Children love rainbows! Younger children enjoy seeing the array of color and learning the order of the color spectrum while older children are fascinated to learn more about the physics of light and color.
Our Rainbow-Scope Activity Kit allows children to make a spectroscope of their very own and includes everything you need. First, place one piece of the diffraction grating over one end of the tube. Then glue the custom die-cut foam pieces to each end. Look through the scope at any light source and see light separated into its component colors (also known as a rainbow!) Color the outside appropriately and there you have it, a rainbow-colored, Rainbow-scope! Older kids can view a variety of different light sources and compare and contrast the various color bands that are emitted.
Ages 4 and up.
Unit Goals and Concepts:
- Introduce the important concepts of color and light to your participants.
- Understand why and how we can see color.
- Experiment with light using a prism.
- Create a Rainbow-Scope that will allow children to see "the rainbow."
- Materials for each participant to make a Rainbow-Scope -- Our custom-made Rainbow-Scope tubes, die-cut foam ends, diffraction film, and a card to color and wrap around a Rainbow-Scope for decoration.
- Tacky glue.
- A prism.
- Our exclusive instructor's activity guide that provides instructors with everything they need to teach about light, color, and rainbows, plus a reproducible worksheet for your participants.
General: National Science Education Standard NS.K-4.1, NS.K-4.2, NS.5-8.2 Science as Inquiry, Physical Sciences.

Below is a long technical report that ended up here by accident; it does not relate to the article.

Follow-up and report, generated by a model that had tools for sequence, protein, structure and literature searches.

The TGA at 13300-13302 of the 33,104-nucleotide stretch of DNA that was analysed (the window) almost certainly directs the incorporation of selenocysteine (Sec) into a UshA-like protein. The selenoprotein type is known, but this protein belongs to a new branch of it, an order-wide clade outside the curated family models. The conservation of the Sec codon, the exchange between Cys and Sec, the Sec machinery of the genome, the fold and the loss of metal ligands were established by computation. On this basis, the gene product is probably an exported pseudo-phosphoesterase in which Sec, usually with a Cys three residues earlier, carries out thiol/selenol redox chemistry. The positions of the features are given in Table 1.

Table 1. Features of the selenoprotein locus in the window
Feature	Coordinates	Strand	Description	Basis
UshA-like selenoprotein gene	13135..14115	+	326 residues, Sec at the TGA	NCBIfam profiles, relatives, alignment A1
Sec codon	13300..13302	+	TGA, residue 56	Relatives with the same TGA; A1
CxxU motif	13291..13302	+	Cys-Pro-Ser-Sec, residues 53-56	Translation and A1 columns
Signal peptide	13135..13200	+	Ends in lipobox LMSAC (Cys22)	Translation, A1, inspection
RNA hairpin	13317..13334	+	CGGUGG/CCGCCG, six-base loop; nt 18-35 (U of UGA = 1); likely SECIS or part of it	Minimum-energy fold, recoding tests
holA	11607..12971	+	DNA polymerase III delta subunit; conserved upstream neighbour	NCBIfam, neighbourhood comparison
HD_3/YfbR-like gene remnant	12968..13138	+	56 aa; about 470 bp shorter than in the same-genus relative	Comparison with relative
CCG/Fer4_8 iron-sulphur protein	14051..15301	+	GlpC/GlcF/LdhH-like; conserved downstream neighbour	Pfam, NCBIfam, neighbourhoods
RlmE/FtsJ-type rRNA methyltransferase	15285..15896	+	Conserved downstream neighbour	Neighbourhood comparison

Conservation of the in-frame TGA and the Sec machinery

Content Standard A: Abilities Necessary to do Scientific Inquiry (K-4)
Employ simple equipment and tools to gather data and extend the senses.
Content Standard B: Light, Heat, Electricity, and Magnetism (K-4)
Light travels in a straight line until it strikes an object. Light can be reflected by a mirror, refracted by a lens, or absorbed by the object.
Content Standard B: Transfer of Energy (5-8)
Light interacts with matter by transmission (including refraction), absorption, or scattering (including reflection). To see an object, light from that object—emitted by or scattered from it—must enter the eye.
Specific (California standards):
(1.4a) Draw pictures that portray some features of the thing being described.
(1.4b) Record observations and data with pictures, numbers, or written statements.
(2.4f) Use magnifiers or microscopes to observe and draw descriptions of small objects or small features of objects.
(3.2b) Students know light is reflected from mirrors and other surfaces.
(3.2c) Students know the color of light striking an object affects the way the object is seen.
(7.6e) Students know that white light is a mixture of many wavelengths (colors).
(7.6f) Students know light can be reflected, refracted, transmitted, and absorbed by matter.